Dragonfly Blossom (B30) William Henry Studios Knife Scales – Part 4

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Now it’s time to carve the branches in the style of Japanese shishiaibori, where all of the detail is below the original surface of the scales.  If you’ll recall, we cut VERY deep lines around the outside of the branches and between the petals of the cherry blossoms.  I begin by cutting a steep bevel along the inside edges of the very deep cuts I made at the beginning, using a flat graver.

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I continue to add in additional bevel cuts along the edges of the branches with the flat graver, making them shallower (less steep) as I go up along the surface of the branches.  I’m also making deeper cuts in places where there would be lumps and bumps on a real branch.  Believe me when I say you need to study real branches to make this convincing.  You’ll also notice I’ve added details like knots to complete the illusion.  I’ve also used small carbide burs around the big knot, as well.

I complete the illusion by using a small oval punch to place the bark texture, orienting the long axis of the oval along the long axis of the branches.  This texture not only looks like bark, but also planishes out any odd graver or bur marks.

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That leaves just the flowers.  Above, you can see the small bur I’ve used to carve each flower petal into a small bowl.  While I’m carving away the waste material, I’m also trying to be careful to leave as smooth a surface as I can with the bur.  Petals typically have a smooth texture, so keeping everything neat will pay off in less work when I’m using a punch to smooth the petal surfaces.  In the above image, I’ve left one petal uncarved to sow the difference between the flat metal and the bowl shape of the petals.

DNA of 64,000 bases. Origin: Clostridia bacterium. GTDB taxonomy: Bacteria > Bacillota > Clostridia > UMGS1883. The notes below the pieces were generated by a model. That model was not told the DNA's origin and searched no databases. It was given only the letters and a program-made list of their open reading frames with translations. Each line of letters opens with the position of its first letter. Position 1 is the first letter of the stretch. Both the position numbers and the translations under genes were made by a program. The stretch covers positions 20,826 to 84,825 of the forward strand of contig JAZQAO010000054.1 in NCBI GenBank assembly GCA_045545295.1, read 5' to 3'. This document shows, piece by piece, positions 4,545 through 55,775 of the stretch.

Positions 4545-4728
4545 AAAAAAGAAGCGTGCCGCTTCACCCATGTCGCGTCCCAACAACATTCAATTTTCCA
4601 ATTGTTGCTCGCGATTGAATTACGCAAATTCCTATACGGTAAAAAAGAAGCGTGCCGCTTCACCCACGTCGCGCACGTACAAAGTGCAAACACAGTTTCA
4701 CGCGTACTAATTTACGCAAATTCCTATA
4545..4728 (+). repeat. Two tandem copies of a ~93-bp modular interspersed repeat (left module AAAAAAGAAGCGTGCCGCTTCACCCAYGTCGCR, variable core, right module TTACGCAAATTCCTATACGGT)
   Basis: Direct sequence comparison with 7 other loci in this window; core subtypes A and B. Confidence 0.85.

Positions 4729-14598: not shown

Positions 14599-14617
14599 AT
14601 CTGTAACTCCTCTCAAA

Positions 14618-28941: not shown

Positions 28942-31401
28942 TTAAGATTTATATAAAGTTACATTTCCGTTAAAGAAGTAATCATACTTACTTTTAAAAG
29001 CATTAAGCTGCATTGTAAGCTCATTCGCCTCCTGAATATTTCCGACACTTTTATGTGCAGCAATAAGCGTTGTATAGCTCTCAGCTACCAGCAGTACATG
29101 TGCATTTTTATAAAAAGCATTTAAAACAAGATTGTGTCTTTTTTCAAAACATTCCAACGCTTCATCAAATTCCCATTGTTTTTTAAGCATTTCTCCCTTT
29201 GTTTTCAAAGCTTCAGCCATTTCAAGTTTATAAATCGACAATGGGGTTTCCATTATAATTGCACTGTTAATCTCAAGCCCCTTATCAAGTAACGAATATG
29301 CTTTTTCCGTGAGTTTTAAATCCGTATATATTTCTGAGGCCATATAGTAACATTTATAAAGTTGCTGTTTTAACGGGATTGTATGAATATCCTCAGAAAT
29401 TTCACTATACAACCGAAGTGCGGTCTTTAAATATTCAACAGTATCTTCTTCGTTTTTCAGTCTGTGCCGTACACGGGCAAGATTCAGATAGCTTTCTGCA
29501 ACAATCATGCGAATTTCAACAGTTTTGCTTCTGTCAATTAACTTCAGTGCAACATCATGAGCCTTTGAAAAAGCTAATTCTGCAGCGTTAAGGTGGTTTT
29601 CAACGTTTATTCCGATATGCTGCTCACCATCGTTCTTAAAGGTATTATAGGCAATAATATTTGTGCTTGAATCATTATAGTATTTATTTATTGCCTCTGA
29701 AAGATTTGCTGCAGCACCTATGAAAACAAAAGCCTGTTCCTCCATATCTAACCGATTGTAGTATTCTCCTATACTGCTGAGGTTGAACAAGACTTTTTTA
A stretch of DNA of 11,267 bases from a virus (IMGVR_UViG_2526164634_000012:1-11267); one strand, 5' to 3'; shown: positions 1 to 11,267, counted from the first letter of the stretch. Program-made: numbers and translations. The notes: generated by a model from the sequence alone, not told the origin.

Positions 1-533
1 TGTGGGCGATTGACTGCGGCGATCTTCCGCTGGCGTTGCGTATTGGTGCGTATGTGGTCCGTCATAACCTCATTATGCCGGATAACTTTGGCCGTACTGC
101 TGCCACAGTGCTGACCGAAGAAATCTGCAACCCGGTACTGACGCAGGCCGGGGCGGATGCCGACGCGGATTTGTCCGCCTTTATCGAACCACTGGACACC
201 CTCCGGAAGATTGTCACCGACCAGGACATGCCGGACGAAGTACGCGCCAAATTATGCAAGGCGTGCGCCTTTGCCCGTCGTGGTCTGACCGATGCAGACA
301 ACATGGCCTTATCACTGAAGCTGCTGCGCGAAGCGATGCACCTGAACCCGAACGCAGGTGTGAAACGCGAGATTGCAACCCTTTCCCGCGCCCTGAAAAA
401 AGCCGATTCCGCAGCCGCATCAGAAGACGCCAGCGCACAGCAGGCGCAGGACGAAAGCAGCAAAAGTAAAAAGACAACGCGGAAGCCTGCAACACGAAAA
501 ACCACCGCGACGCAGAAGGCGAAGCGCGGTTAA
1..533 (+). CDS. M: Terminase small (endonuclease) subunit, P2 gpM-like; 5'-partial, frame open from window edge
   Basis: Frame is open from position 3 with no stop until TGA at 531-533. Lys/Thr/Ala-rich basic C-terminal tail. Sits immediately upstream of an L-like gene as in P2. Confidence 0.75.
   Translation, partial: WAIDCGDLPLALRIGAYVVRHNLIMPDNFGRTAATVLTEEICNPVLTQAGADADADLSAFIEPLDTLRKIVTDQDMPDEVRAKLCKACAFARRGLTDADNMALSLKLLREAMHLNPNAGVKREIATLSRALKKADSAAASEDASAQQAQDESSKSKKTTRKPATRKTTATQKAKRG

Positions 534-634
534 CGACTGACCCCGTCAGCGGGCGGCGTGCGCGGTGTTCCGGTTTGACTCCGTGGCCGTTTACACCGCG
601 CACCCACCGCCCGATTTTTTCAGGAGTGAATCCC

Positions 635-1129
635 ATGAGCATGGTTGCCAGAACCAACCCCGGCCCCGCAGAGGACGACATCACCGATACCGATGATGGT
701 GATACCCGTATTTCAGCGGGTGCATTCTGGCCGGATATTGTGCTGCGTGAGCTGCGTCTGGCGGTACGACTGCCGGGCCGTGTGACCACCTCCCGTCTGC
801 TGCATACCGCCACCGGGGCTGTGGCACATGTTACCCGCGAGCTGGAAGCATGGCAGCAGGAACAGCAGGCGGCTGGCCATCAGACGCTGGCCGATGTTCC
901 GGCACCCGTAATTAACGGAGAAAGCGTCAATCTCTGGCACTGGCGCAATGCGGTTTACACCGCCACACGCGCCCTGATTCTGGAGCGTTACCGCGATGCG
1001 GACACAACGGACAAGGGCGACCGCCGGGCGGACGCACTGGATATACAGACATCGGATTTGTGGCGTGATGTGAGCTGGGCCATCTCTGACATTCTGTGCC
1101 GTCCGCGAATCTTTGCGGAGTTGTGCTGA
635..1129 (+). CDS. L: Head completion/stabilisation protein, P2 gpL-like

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Above, an unmagnified view of the same.

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And, above, I’ve used my standard little round punch to smooth the interior of the petal surfaces in the flower cluster on the left.  The flowers on the right have been carved with the carbide bur, but not planished with the round punch, and the difference is pretty obvious.  In this image, you can’t really see the punch texture left behind in the left flower cluster, but I’ll be removing even that in the next step with a small abrasive stone.

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Above, you can see the little ceramic super stone I’m using to further smooth the flower petals.  I’ve finished the two lower petals, so you can see the differences.  These little ceramic super stones are really marvelous.  This one is held in a 0.5 mm mechanical pencil, and I just feed out a little more as it is used up, just like you would lead in a mechanical pencil.  You can purchase these stones here: Mini Super Finishing Stones.  I think mine here is 400 grit, and is 0.5 mm.  Larger diameters are available, and they are surprisingly strong and durable.  Don’t forget to get a mechanical pencil of the appropriate size to hold them (also sold in the same place).  By the way, you need to use these with a little stoning lubricant like kerosene or light oil.  I haven’t tried water with them, but I’m guessing it would do fine, if rust isn’t an issue.

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Above, The flowers and branches are complete, ready to apply a little patina.  Next, I’ll be inlaying gold in the flower centers, and a few highlights on the butterfly wings.

Thanks for Looking!

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